The House of Representatives Committee on Power, Wednesday, issued a 48-hour ultimatum to Nigerian Electricity Regulatory Commission, NERC, to reinstate the suspended the Board of Ibadan Electricity Distribution Company, IBEDC.
Chairman of the House Committee on Power, Daniel Asuquo, who issued the ultimatum during the investigative public hearing on the ‘Need to save Ibadan DISCO Plc’, harped on the need for the regulatory agency to desist from any act that could send wrong signals to investors.
Asuquo, who cautioned against the utilization of public fund to prosecute cases, underscored the need for all parties involved to put public interest above individual gains.
The Ibadan DISCO Board was suspended by NERC, sequel to the delay in the payment of $185.6 million facility given to Integrated Energy Distribution & Marketing Company, IEDC, obtained from a consortium of six banks that financed the acquisition of Ibadan DISCO facility and Yola DISCO respectively.
According to the document made available to the House, the facility was given to IEDC, parent company and holder of 60 percent equity of Ibadan DISCO between May 2015 and May 2016.
Sponsor of the motion further observed that the loan to IEDM’s request for the N6 billion inter-company loan was on the reasonable expectation of receiving the Yola refund within five days of approval since the claim had already been approved by President Muhammadu.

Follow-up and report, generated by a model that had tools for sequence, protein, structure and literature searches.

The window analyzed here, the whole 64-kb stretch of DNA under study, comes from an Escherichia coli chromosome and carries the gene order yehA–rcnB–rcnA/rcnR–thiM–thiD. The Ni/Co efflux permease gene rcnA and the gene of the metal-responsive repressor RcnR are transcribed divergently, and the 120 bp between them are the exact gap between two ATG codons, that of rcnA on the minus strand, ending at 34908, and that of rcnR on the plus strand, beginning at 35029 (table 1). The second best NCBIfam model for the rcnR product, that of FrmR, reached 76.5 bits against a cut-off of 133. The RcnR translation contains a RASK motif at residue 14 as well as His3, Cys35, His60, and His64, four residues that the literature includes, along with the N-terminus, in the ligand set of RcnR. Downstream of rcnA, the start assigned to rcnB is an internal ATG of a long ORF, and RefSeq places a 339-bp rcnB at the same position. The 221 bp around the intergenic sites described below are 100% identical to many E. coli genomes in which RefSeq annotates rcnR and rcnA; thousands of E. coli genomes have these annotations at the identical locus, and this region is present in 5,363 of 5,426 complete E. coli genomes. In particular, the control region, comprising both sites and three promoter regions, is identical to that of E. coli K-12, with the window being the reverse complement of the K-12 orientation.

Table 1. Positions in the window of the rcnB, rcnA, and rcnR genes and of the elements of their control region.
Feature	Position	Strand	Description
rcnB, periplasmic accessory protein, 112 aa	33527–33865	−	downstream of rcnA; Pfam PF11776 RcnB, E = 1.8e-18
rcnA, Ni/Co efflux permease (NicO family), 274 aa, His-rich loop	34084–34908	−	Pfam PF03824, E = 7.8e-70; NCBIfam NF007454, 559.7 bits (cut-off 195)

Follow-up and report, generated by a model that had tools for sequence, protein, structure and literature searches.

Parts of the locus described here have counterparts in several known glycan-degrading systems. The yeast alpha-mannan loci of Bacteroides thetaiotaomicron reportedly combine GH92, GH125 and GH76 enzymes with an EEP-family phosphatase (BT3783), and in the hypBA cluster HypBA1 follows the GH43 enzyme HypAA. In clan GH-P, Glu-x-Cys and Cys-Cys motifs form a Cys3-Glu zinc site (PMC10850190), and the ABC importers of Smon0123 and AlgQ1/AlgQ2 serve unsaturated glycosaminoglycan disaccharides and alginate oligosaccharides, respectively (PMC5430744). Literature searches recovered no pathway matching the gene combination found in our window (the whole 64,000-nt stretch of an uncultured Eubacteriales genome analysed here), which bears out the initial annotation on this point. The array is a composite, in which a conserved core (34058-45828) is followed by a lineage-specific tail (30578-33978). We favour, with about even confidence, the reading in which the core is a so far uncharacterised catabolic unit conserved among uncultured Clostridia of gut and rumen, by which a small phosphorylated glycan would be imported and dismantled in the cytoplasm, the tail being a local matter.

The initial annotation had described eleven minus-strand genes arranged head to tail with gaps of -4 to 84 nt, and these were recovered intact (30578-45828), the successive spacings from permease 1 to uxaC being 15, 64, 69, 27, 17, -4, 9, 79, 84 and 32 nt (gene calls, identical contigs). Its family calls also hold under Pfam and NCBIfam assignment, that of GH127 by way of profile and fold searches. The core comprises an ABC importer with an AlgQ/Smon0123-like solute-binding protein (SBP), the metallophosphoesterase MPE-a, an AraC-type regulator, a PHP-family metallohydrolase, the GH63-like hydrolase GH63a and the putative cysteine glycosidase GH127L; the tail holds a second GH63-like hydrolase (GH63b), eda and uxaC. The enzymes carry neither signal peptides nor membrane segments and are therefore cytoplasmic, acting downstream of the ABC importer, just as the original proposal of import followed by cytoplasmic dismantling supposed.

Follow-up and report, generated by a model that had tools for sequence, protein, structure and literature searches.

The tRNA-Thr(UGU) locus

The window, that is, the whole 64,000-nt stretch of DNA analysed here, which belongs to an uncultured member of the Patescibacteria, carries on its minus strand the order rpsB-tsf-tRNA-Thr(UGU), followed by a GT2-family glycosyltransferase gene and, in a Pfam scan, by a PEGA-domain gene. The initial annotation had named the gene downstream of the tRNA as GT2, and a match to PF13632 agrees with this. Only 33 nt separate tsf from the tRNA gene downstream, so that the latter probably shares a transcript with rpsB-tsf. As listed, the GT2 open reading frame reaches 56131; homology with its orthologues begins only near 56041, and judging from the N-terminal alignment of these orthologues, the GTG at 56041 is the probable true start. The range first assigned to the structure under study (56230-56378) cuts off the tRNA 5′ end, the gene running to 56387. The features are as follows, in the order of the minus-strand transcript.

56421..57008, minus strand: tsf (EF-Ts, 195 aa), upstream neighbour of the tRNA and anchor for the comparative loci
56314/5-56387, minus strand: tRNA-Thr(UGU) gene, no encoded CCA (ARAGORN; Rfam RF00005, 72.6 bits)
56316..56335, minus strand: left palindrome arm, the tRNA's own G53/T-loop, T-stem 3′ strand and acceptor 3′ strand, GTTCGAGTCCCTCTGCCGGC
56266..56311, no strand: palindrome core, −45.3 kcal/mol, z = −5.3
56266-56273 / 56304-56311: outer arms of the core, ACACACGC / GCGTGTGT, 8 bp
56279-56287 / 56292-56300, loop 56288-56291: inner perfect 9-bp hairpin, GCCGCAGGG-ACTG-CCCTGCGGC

Buhari and same had been communicated to IEDM via a letter dated May 21, 2015, from BPE.
In its intervention, the Bureau of Public Enterprises, BPE, holder of 40 percent of IBEDC equity on behalf of Federal Government, wrote a letter to NERC requesting the commission to give the Bureau two weeks to resolve the matter amicably.
The commission had on June 19, 2018, issued an order No. NERC/181/2018 suspending the executive and non-executive member of IBEDC.
Asuquo, who underscored the need for NERC to maintain statusquo as directed by an Abuja Federal High Court in a suit No. FHC/ABJ/CS/665/18, noted that the House was exercising its statutory power to initiate investigation on the activities of any institution established by the Act of Parliament.
While responding to inquiry, James Momoh, NERC chairman and Olufunke Dinneh, General Manager (Legal), argued that the commission was constrained by the ruling of the Federal High Court to maintain status quo, adding that presentation by the commission before the committee would be prejudicial.
He added that the parties were also asked to desist from any action that would meddle with the litigation.
Earlier, Asuquo had reiterated the commitment of the House to playing the role of trouble shooter in the electricity supply industry and continually work to put out fires that could threaten the growth of the industry.
“One thing that is very clear to industry stakeholders is that Nigerian Electricity Supply Industry, NESI, is now at the point where successor companies (or DISCOs) are anxiously looking to raise further capital to rehabilitate their acquired assets and to invest for the future.
“Also to be noted is that the Independent Power Producers, IPPs, are looking to consolidate their positions in the new post-reform market.
“There can be no doubt that a complicated market such as the NESI, calls for all-inclusive stakeholder engagement. This will include a robust regulatory engagement that will not only be inviting to investors but will also discourage disinvestment of any kind,” he added.